Quick Updates

The aid / relief collection for Sunderban (post Aila) is going well. Most of the clothes and other items collected in Kolkata were sent to Kachukhali this week. Next week, before relief goes, I plan to consolidate all the money that I have received, and buy essential items, so that I can take them with me. I must say I have received help from the most unexpected quarters - I can't thank all of you enough. More than anything, it reinforces my belief - there's still a little bit of goodness left in some of us.

Now some more news:

Saddened by MJ's death. After all, his was the first english cassette I bought with my own pocket money savings.

And a couple of personal observations:

Wearing a red t-shirt to a store where all the employees wear red t-shirts is a bad idea.

Terminator Salvation is a super bad idea - I could direct a movie better. No, seriously.

Oh, and finally got my phone display fixed. But not before my friends took unfair advantage of the situation (of no caller ID display) and did a prank on me :( - but that's another story.


When two Bengalis known to each other meet, they typically ask "Ki khobor?" (literally "What news?") or "Kemon acho?" ("How are you?"). Typically the answer is "Ei cholche" ("Going on"), or "Bhalo" ("Good"). We can be in a lot of difficulties, but it is almost always the same answers. I didn't think much about these standard formalities till yesterday. Yesterday made me realize that asking simple questions can be difficult too. Especially if the answer is "I don't have anything left".
I visited a relief camp organised post cyclone Aila, in an area called Kachukhali in the Sunderbans. The one and half hour boat ride to the area was through the beautiful Bidyadhari river, whose banks were laced with lush green local trees. The only trace of disaster at first glance are the places where we could see the bank repair work was going on. We could also see a few dead animals floating on the river. People would hear the motor of the boat and come out to the banks, expecting some aid.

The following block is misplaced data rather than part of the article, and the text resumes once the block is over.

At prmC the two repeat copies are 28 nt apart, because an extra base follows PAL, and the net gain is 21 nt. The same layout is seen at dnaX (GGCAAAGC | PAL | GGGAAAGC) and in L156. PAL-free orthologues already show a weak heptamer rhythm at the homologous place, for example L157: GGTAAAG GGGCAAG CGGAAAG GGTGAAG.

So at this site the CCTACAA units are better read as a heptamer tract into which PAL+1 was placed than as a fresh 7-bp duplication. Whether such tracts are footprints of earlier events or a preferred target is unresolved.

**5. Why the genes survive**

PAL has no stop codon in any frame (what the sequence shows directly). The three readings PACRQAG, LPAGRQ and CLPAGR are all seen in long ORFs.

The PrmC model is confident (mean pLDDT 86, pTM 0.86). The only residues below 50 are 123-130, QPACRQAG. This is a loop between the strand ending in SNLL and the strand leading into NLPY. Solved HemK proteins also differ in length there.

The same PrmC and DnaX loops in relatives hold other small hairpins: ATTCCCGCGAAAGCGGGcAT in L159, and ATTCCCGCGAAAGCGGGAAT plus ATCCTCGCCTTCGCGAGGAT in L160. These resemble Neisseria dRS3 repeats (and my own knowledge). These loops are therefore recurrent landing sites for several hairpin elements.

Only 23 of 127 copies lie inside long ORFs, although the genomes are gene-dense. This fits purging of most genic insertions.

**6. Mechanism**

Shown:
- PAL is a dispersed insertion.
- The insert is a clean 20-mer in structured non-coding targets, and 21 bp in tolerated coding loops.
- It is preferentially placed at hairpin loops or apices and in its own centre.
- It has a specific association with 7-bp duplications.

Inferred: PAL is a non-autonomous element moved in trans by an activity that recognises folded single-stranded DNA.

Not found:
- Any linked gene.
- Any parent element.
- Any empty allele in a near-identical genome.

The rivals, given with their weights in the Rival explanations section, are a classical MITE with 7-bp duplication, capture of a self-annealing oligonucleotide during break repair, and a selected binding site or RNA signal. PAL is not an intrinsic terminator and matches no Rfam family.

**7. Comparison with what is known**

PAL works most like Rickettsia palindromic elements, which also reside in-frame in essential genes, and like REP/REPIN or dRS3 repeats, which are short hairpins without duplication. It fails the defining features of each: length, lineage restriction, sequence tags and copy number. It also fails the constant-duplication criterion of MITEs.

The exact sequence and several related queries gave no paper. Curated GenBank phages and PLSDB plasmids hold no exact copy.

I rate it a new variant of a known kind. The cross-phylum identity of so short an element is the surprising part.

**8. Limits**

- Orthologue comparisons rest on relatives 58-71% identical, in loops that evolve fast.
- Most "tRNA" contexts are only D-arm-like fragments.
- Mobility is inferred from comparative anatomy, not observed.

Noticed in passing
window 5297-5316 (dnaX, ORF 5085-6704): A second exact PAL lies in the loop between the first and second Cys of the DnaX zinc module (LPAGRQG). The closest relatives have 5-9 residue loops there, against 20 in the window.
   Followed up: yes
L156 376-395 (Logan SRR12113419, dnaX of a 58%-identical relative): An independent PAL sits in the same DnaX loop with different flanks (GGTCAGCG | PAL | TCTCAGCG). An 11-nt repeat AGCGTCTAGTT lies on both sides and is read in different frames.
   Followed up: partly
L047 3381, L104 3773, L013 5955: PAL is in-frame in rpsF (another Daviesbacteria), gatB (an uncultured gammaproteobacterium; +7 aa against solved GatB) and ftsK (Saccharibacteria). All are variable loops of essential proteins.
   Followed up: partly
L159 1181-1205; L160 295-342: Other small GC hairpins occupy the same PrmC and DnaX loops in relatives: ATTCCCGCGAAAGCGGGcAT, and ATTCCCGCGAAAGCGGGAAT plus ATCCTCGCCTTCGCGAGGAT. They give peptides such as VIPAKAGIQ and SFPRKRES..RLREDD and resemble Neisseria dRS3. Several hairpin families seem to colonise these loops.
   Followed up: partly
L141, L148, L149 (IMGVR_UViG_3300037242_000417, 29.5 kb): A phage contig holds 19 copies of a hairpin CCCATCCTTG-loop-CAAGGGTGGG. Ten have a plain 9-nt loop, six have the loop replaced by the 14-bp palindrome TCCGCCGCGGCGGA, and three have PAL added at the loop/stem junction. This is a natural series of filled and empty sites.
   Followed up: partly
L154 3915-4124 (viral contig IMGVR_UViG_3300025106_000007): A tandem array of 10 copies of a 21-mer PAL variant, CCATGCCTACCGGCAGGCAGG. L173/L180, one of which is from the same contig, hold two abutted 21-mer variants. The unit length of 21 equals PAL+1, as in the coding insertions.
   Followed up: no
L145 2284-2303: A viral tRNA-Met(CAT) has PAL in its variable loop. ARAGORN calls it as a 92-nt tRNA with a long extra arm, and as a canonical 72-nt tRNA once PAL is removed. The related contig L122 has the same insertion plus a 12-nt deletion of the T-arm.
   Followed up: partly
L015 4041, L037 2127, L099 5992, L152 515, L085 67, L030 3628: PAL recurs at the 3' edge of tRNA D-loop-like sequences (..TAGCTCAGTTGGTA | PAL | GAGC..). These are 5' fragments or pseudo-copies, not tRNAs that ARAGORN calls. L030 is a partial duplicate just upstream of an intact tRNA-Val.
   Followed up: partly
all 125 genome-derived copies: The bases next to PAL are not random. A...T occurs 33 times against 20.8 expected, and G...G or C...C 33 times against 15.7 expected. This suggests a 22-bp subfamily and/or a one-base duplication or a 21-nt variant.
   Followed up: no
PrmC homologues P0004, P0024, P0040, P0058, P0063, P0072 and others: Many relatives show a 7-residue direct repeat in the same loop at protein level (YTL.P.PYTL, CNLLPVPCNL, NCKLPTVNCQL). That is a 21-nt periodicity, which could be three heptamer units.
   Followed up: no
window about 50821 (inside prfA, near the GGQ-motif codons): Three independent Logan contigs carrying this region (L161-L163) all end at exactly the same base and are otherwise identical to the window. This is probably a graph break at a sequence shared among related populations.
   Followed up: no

But it is not possible to gauge the damage that the cyclone and the flood thereafter can cause by sitting in a boat and looking at the broken river banks. Once we reached Kachukhali we saw what devastation a cyclone can cause. Devastation is when your mud house is not there anymore, your livestock are dead, the crop fields are filled with saline water making it unusable for at least the next three years, and the fish ponds full of dead fish who died in contact with saline water. They don't practically have anything left!
Among this destruction, local NGOs, government through Panchayets, and other organisations continuously try to provide relief material. During the day, I met and saw few young people work in the relief camp - Shyamali, Sushama and Kalyan among others. Sushama's house has turned into a pile of mud. During the day, she works tirelessly helping others get relief material, all with a smile and dry sense of humor. In the night she now sleeps in a neighbor's courtyard braving the menace of mosquito. Shyamali whose story is similar to Sushama, was also with a smile all day, but for one moment, when we saw tears in her eyes while telling the clothes she was wearing are the only clothes she now has. Kalyan still has his house in place, but he hardly has the time to go there. While we were coming back after visiting an adjoining area, he was informed that his mother fell somewhere and has a gash in her head. We had to literally force him to go and look after his mother, and not worry about us reaching Gatkhali.